The pressure on scientists is without a doubt stronger than ever; in an environment with ever growing competition, you simply have to publish all the time and constantly make breakthroughs, sometimes up to inhuman levels. This environment, often call “publish or perish” is starting to take its toll on the quality of science, as more and more researchers publish incomplete or sometimes misleading findings – with some authors even falsifying their data.
But weeding out bad science is an extremely complicated and delicate process, and short of peer review there’s little left to do; even peer review is flawed, or at the very least imperfect. The best thing we have is peer review, and that has some pretty big flaws, so researchers have developed a new way of finding fraudulent papers: the “obfuscation index”.
“We believe the underlying idea behind obfuscation is to muddle the truth,” said one of the team, David Markowitz. “Scientists faking data know that they are committing a misconduct and do not want to get caught. Therefore, one strategy to evade this may be to obscure parts of the paper. We suggest that language can be one of many variables to differentiate between fraudulent and genuine science.”
In other words, when scientists want to mask something, they use big words – scientific jargon – hoping to puzzle people (or why not, bore them) enough that their shortcomings are overlooked. In order to test this theory Jeff Hancock, a professor of communication at Stanford, and graduate student David Markowitz searched the archives of PubMed, a database of life sciences journals, from 1973 to 2013 for retracted papers. They found a total of 253 scientific papers retracted for fraud in the four decades, and compared them to unretracted papers from the same period to see what stands out.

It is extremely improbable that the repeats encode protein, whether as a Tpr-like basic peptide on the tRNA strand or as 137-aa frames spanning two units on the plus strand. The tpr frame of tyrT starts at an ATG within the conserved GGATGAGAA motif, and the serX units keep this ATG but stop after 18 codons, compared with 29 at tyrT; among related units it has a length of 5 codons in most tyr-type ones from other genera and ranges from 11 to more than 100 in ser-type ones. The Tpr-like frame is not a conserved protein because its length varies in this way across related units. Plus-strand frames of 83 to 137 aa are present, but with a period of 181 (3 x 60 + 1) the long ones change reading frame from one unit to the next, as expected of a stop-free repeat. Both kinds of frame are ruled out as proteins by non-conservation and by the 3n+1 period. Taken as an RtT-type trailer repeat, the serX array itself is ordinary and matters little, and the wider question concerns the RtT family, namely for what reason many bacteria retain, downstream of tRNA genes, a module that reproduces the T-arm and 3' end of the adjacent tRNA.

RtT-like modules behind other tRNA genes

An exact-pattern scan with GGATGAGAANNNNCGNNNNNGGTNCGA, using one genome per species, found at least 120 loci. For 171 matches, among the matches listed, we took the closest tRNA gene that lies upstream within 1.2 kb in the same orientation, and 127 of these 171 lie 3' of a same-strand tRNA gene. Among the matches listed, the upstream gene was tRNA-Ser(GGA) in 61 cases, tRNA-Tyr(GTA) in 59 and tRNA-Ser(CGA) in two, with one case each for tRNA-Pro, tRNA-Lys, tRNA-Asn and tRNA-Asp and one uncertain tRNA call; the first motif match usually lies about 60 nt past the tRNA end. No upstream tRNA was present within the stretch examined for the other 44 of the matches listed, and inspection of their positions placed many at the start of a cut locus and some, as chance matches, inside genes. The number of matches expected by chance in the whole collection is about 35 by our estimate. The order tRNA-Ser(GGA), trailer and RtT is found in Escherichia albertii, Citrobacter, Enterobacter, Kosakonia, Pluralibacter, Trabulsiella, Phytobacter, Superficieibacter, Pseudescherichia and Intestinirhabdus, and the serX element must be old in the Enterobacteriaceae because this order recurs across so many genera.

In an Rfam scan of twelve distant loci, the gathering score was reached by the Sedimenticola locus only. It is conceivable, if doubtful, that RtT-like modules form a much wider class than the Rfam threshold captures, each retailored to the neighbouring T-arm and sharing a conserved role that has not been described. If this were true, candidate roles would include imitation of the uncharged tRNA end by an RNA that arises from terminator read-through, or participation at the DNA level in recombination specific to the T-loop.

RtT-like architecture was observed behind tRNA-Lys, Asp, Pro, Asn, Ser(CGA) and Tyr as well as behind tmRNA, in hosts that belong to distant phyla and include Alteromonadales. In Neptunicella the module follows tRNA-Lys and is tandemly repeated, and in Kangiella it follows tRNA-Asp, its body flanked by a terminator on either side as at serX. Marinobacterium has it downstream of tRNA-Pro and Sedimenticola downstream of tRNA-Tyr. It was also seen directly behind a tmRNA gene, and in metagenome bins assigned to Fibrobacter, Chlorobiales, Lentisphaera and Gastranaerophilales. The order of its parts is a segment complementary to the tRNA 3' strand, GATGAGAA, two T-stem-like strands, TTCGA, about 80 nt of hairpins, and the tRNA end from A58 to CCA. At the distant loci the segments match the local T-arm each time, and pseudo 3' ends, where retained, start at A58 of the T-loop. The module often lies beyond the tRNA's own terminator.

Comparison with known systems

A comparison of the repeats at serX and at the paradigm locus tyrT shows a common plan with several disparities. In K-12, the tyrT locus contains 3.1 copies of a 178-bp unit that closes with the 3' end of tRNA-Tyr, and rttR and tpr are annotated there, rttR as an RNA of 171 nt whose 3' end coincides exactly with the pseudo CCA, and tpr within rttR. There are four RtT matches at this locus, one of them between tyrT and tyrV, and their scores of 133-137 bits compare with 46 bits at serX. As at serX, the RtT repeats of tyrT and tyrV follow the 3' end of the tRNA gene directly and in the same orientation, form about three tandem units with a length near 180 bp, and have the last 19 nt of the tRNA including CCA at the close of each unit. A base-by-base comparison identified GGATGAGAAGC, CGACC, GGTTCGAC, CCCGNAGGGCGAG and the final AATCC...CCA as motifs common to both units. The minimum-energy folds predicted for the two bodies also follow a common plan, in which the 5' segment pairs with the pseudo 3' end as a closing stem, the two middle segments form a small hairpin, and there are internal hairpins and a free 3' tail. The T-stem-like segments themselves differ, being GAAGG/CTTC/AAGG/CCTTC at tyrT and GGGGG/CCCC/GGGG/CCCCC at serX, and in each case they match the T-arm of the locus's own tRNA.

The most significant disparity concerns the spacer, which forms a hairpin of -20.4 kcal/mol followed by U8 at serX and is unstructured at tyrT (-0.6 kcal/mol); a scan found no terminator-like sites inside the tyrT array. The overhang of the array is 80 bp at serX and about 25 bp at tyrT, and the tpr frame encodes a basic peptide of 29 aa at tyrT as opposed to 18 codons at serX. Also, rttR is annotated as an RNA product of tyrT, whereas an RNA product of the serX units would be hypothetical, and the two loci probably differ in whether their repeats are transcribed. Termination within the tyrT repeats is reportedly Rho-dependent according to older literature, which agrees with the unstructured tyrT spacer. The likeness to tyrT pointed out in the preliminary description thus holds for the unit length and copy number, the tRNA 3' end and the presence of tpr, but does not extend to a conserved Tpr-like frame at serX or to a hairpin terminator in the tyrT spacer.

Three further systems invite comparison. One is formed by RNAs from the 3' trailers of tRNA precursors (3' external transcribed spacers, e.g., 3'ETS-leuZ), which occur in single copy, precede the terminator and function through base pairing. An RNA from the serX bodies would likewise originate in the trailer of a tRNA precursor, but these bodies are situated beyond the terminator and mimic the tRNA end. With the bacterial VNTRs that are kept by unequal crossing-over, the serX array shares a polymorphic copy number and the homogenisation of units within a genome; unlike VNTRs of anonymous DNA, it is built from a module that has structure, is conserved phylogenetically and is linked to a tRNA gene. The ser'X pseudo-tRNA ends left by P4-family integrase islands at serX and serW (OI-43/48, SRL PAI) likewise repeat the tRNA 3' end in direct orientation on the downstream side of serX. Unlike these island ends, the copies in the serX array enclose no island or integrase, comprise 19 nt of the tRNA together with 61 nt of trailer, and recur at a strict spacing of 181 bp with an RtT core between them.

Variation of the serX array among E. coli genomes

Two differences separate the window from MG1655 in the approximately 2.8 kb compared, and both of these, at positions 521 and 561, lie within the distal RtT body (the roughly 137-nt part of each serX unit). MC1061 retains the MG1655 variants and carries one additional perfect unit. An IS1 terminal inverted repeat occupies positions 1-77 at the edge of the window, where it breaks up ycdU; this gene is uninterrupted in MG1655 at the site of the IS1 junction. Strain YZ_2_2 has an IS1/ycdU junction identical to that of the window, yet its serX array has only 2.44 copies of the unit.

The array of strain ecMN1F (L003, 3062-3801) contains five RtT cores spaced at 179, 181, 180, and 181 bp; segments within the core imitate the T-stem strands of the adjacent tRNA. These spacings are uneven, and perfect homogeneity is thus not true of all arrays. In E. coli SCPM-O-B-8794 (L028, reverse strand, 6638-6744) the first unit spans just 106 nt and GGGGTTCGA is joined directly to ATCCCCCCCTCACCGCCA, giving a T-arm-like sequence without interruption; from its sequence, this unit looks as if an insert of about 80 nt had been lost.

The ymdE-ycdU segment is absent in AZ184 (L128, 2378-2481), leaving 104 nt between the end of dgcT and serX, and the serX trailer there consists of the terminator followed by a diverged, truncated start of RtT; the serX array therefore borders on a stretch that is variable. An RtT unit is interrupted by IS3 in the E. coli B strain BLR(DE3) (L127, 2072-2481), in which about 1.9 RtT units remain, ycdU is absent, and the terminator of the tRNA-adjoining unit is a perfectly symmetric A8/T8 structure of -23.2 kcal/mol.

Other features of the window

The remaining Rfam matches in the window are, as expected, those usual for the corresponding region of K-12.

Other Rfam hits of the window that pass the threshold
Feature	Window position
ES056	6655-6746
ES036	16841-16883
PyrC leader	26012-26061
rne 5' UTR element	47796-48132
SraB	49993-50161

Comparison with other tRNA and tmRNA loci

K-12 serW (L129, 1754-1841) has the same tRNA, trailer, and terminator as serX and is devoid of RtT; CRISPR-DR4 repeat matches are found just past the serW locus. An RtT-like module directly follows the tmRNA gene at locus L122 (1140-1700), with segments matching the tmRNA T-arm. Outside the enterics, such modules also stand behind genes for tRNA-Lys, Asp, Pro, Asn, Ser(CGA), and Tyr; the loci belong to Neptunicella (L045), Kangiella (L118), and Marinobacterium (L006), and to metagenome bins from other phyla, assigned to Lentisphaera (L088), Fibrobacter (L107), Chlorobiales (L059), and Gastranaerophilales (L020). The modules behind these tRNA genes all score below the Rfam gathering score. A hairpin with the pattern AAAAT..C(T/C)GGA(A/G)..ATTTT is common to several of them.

They found that fraudulent papers use significantly more jargon than regular ones:
“Fradulent papers had about 60 more jargon-like words per paper compared to unretracted papers,” Markowitz said. “This is a non-trivial amount.”
Of course, just because someone uses more complicated language doesn’t mean there is something wrong with their research, but in the future, a computerized algorithm could tag these and label them for additional investigation. This approach is just in its initial stages though.
“Science fraud is of increasing concern in academia, and automatic tools for identifying fraud might be useful,” Hancock said. “But much more research is needed before considering this kind of approach. Obviously, there is a very high error rate that would need to be improved, but also science is based on trust, and introducing a ‘fraud detection’ tool into the publication process might undermine that trust.”